4. Thank you so very much for sharing this with us. I really needed to hear it!! I have not been dealing well with pain, but your words show me a much better way to deal with it. Even your choice of analogy–having tea with it–speaks to me. Thank you and God bless you, Sarah Mae!

  5. Amen! I am encouraged by the reminder that God will show us what we need to hear and know to be set free in Him. I have a tendency to over analyze and be overly introspective, but that just makes me confused. I find myself trying to be the Holy Spirit, trying to be in charge of my own conviction of sin, direction in life, and a lot of other things that are not my role,but the Holy Spirit’s role. We can and must trust Him and His strength, not lean on our own understanding! So thankful we can do this by His great power, and we can know that He is a good GOOD Father!

  6. Wow. I am right in the middle of this, right now. I was never really an anxious person until I became an adult, and over the years my anxiety has slowly built, and when i had kids it exploded. I’ve known deep down that there is a reason under there, waiting to be discovered, but having small kids (one being autistic) I haven’t had the time or energy. They’re 4 and 6 now, so I’ve been finally exploring it, and it’s all linked to my dysfunctional childhood. So now, how to deal with it. Thank you Sarah Mae, I’m really looking forward to your book.

  7. Sarah Mae, this is so profound. To be able to look underneath the anxiety and ask God what He wants to teach us. One of my favorite Tim Keller quotes is “Trials reveal my motivations: am I serving God or do I want God to serve me?” Pain has so much to teach if we will go to God with it. I’ll be sharing this!

  8. Sarah Mae,

    Thank-you for sharing your very real emotions, and how you reached to God for help to learn from them.

    Have a blessed day,


  9. Sarah Mae, your opening grabbed me! Thank you for writing about a “small” deal that is really a big deal in our lives. Having permission to feel the fear but then do it–whatever the anxiety-provoking activity is–anyway, in God’s strength and with His peace, seems to be a theme lately. Really appreciate this, thank you.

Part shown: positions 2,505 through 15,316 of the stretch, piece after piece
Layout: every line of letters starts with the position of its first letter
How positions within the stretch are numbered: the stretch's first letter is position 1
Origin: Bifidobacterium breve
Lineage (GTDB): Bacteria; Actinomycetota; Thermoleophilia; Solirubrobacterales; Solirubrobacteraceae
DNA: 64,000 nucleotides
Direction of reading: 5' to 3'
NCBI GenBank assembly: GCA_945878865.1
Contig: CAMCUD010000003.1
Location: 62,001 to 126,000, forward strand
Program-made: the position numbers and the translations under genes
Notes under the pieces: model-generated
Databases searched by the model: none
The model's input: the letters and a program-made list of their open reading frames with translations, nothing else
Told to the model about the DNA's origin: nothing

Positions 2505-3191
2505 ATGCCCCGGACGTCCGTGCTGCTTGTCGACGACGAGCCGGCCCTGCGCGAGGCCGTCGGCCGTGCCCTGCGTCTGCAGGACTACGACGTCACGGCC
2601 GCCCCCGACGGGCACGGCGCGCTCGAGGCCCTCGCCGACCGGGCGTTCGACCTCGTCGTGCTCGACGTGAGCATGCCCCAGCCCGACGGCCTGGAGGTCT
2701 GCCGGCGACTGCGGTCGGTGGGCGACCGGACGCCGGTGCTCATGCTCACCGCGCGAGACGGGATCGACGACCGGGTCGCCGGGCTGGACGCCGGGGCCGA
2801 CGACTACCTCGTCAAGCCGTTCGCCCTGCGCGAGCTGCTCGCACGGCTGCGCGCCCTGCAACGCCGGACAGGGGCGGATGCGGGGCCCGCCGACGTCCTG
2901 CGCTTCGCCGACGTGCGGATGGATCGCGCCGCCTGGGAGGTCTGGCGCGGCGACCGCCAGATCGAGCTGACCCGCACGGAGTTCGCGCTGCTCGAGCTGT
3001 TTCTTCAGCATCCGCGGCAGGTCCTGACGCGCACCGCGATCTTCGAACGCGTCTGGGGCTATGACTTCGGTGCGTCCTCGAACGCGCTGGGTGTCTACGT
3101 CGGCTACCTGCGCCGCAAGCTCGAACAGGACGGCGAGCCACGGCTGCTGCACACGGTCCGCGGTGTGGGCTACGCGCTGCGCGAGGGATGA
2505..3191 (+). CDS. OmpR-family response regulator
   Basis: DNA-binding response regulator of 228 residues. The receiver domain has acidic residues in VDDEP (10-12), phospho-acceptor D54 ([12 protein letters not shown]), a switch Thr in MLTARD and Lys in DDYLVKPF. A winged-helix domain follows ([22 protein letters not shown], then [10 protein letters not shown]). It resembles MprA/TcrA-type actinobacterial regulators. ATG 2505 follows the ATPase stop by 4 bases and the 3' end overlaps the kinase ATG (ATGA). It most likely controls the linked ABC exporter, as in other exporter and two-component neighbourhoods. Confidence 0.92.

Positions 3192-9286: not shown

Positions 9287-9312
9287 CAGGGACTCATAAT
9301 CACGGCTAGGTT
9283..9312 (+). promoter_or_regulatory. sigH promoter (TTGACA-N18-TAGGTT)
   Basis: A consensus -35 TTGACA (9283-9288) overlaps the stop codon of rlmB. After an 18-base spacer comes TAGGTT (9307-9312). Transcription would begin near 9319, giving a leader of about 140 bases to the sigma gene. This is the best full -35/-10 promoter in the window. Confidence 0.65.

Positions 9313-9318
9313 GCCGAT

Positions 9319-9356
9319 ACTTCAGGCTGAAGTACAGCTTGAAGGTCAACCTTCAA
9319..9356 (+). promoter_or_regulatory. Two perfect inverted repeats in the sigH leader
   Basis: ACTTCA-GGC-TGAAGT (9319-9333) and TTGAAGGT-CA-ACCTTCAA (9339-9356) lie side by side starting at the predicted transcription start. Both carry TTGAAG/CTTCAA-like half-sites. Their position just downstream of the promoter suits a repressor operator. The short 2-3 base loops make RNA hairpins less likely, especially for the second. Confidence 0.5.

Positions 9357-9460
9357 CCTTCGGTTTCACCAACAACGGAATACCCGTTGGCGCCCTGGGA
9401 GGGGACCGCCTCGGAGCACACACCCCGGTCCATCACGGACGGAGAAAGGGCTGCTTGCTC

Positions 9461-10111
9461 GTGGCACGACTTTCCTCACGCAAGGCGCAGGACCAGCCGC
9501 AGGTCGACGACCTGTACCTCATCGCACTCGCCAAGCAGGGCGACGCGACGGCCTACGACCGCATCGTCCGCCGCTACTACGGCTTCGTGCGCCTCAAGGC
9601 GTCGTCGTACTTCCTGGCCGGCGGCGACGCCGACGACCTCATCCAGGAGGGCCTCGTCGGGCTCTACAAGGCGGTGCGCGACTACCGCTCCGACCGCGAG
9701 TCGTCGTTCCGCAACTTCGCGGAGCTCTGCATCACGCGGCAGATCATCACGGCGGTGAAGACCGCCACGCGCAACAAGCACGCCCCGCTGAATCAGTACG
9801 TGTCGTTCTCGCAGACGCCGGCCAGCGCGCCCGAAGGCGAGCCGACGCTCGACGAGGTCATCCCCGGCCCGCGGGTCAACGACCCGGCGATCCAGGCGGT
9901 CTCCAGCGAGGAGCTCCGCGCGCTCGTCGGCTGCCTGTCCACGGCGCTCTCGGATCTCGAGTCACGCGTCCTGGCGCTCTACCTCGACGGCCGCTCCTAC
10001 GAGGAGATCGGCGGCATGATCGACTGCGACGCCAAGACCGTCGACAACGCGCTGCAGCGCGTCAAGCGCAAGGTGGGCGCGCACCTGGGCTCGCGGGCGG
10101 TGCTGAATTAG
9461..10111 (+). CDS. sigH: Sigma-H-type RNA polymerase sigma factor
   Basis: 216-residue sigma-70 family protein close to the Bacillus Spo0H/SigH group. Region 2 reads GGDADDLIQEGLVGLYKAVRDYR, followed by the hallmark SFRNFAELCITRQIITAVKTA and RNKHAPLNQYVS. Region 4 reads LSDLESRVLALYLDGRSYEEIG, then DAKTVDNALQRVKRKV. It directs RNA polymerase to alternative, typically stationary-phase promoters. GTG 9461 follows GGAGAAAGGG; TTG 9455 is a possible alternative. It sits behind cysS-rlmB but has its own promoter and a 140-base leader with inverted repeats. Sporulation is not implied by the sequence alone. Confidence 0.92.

10. This is so good, and just what I needed to read tonight as I am finally processing through a lot of grief. Thank you ❤

  11. It’s beautiful Sarah. The idea that we should sit down with our pain and have tea . . . get to know it so it doesn’t bully us around. But, rather to let God minister to us through it. Thank you & Amen Sarah.

  12. Yes, I’ve found pain/anxiety/etc./etc. so much more manageable, even (dare I say it) friendlier, when I allow it to take up space, to welcome it in.

  13. I’m a true hunch back…. it happened about 8 years ago. And yes after my spin totally turned & collapsed I wondered if I would ever be able to do anything “normal” again. But my faith grew & as my love for Jesus became stronger & I began depending on his strength, not my own, everything became not only possible but life was brighter than ever before. I’ve learned how to do all kinds of things I never dreamed I could do. I started a Bible Study that is growing & I’ve learned so much over the last few years. I teach scrapbooking & other craft classes to seniors. Things I never dreamed I could or would do. And it’s al because of Jesus. My glorious wonderful savior. I owe it all to Him.

  14. Sarah Mae,

    I’ve never been an anxious person. Over the last few years I have had plenty of stress and anxiety over jobs & my aging dad. When facing new trials with my dad’s dementia I would cry to God. “How long O Lord?” “What must I learn from this?” I know that God uses trials to teach and draw us closer to Him. Through my trials I found that I am strong than I think and can have patience. Yes. Pain come sit with me and teach me.

    Blessings 🙂